DETROIT — The image is burned into World Series lore, way up there with Carlton Fisk's home run, Don Larsen's perfect game and Willie Mays' wondrous catch.
It is Kirk Gibson, limping to the plate on two bum legs, carrying a bat he called "Thumper," then yanking Dennis Eckersley's full-count slider into Dodger Stadium's right-field pavilion, pumping his fists as he hobbles around the bases to complete the Dodgers' stunning victory over the Oakland A's in Game 1 of the 1988 World Series.
"We all wish we could be young again, to have a chance of something like that happening again," Gibson said recently in Comerica Park, more than 14 years after striking the unforgettable, almost unfathomable blow that catapulted the Dodgers to their last World Series championship.
"But at this point in my life, all that's left is to try to motivate, to try to teach the next generation what it takes to create that kind of moment. That's what we're after, to excite, to rewrite history and celebrate a championship."
No, Gibson, 46, is not loopy from all those pain killers and cortisone injections, the hallmarks of a 17-year career in which he often played hurt. It was with a clear head that he spoke these words, even though he was sitting in the clubhouse of the Detroit Tigers, baseball's worst team.
When Gibson, in his first year as Detroit Manager Alan Trammell's bench coach, looks at his young and inexperienced Tigers, a team that takes a major league-worst 16-44 record into a three-game series against the Dodgers today in Comerica Park, he can't help but hark back to Oct. 15, 1988, when, in the words of broadcaster Vin Scully, "the impossible" happened.
Gibson had a sprained ligament in his right knee, a strained left hamstring, and had taken a cortisone injection in his right knee an hour before Game 1 of that World Series. Nobody, not even Gibson, thought he would play.
Gibson advised his wife, JoAnn, to leave after the seventh inning. He wasn't going to play, so why risk getting caught in traffic? Gibson was in the training room during pregame introductions.
But in the ninth inning, with the Dodgers trailing, 4-3, Gibson got dressed, hit 10 balls off a tee and had a batboy tell manager Tom Lasorda he was available.
Mike Davis drew a two-out walk, and out of the dugout came the gritty Gibson, whose determination was such a motivating force in his first year with the Dodgers that he was voted National League most valuable player, despite 1988 season numbers that were less than eye-popping: .290 batting average, 25 home runs, 76 runs batted in.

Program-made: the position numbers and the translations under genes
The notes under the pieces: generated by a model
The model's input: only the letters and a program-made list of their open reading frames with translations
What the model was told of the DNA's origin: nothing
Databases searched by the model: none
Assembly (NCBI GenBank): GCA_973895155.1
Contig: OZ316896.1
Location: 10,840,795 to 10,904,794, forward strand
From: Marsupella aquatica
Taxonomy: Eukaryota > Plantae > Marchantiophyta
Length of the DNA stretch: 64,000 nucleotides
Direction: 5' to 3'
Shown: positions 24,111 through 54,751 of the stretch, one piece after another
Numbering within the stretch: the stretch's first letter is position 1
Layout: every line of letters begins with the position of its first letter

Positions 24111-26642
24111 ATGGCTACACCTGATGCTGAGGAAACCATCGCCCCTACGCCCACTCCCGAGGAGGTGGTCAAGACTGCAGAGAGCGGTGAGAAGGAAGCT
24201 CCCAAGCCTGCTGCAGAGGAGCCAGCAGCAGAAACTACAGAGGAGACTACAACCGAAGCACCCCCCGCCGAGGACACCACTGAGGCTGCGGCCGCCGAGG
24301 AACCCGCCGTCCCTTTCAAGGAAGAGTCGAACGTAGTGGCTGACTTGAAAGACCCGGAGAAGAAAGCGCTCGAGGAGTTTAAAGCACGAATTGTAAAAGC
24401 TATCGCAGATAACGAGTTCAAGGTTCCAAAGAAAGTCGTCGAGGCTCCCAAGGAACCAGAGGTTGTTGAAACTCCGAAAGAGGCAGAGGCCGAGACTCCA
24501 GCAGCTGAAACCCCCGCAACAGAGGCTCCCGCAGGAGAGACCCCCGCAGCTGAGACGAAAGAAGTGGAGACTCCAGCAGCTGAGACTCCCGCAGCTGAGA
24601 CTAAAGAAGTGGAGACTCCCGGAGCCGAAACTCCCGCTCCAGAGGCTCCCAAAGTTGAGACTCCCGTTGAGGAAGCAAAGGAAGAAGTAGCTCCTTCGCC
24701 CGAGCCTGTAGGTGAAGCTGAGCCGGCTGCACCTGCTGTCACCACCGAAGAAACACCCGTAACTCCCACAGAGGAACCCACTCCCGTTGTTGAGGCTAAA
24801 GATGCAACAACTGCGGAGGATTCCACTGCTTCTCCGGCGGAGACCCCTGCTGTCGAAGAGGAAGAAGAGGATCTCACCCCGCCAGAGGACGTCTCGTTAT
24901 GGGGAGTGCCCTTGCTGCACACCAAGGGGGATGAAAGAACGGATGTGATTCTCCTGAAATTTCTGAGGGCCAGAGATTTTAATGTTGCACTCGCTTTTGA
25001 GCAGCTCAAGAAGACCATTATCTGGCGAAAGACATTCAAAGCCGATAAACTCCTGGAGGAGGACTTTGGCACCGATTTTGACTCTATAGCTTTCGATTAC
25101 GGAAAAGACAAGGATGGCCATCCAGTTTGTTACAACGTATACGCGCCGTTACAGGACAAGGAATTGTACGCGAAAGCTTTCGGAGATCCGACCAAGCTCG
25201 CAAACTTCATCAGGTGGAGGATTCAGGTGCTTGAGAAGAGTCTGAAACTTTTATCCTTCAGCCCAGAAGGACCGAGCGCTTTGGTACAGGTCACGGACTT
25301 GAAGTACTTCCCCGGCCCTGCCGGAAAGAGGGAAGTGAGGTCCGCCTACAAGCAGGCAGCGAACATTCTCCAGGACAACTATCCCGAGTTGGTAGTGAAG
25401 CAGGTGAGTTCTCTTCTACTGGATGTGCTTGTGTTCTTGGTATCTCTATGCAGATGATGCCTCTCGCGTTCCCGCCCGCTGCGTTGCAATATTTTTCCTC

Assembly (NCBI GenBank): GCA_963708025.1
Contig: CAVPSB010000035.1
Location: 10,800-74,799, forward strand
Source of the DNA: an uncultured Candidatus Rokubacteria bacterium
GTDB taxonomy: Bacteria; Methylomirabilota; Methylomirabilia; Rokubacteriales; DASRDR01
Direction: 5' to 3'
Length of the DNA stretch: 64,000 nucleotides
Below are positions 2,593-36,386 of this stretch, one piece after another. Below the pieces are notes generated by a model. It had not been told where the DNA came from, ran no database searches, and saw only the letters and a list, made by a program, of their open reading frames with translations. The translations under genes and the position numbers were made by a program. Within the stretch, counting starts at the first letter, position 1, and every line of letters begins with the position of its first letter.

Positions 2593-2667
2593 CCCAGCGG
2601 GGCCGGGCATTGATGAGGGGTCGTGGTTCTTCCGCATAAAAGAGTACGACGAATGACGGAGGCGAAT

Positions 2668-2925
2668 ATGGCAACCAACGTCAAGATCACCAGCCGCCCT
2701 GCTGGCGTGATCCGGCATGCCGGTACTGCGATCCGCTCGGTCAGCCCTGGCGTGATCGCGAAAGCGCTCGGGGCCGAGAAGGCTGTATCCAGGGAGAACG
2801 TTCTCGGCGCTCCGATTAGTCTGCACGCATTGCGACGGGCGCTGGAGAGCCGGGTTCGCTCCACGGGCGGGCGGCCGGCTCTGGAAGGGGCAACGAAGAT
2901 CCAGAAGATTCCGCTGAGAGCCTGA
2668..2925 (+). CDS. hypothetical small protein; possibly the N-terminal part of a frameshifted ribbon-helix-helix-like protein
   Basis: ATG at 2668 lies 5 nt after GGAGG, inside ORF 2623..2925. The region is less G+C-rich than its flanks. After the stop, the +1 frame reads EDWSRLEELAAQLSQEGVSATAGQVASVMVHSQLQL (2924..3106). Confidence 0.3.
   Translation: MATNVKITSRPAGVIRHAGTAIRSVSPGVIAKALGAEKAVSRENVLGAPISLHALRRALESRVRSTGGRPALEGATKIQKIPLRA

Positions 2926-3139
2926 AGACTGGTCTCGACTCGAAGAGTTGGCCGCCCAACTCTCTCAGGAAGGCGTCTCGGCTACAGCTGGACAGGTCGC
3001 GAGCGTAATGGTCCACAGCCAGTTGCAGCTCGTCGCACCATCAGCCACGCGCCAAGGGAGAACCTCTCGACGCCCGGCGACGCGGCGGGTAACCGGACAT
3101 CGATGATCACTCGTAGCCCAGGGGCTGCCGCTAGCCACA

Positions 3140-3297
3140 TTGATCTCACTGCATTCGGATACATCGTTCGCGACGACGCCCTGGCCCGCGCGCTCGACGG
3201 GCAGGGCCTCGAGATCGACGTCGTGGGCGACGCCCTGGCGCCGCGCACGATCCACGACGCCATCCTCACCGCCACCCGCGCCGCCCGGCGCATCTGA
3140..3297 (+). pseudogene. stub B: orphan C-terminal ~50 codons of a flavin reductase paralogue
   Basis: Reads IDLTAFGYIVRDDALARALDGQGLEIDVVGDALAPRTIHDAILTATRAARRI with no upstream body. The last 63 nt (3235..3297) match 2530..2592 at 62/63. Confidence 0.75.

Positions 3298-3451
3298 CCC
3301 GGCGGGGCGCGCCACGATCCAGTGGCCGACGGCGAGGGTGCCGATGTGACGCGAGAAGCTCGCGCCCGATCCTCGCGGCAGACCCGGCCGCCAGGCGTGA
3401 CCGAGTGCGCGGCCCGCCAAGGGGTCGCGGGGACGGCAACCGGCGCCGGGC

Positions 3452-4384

The thunderous roar of the Dodger Stadium crowd pushed adrenaline ahead of pain in Gibson's mind, and after working the count full, he stepped out of the box. He recalled a scouting report from Mel Didier, who'd said Eckersley favored the backdoor slider on full counts.
Here came the slider, and there it went, deep to right field, deep into the night, driving a dagger deep into the hearts of the A's, who never recovered from a 5-4 Game 1 loss. The underdog Dodgers won the series in five games, even though Gibson had only the one at-bat.
"The whole lesson of that is to keep fighting and fighting and fighting, and don't predetermine your outcome, because that's proof crazy things can happen," Gibson said. " ... We're not very good, but we do compete. As bad as our record is, that's the most encouraging thing I see.
"When we were playing Seattle [in May], I went through all nine positions, and we were overmatched at every one. But we competed our [rear ends] off. That's the first step. In May there were maybe three games where we didn't compete. That's gonna happen, but that's the part that is just unacceptable to me."
Few had as much passion for the game as Gibson, who could not stomach losing; who, in his own words, "treated every game like a war," and who played every night with a football player's mentality.
"He was a hard-nosed player who ran out every ground ball," said Dodger first-base coach John Shelby, a teammate on the 1988 Dodgers. "Every time he had a chance to break up a double play, we'd wait and see how far he would knock the shortstop or second baseman into the outfield."
This is what Trammell, who teamed with Gibson to help the Tigers win the 1984 World Series, was looking for when he assembled his staff.
"We need toughness around here; we're trying to find guys who are men, who will fight and grind," said Trammell, who lured Gibson out of the Tigers' television booth. "We're not there yet, but we're trying to plant some seeds."
Gibson, however, is more iron fist than green thumb.
"He's a motivator, to put it lightly," Tiger catcher Brandon Inge said. "Not a day goes by where he doesn't have 20 cups of coffee. He's really energetic about the game, and he's trying to give us the same feel he had when he played.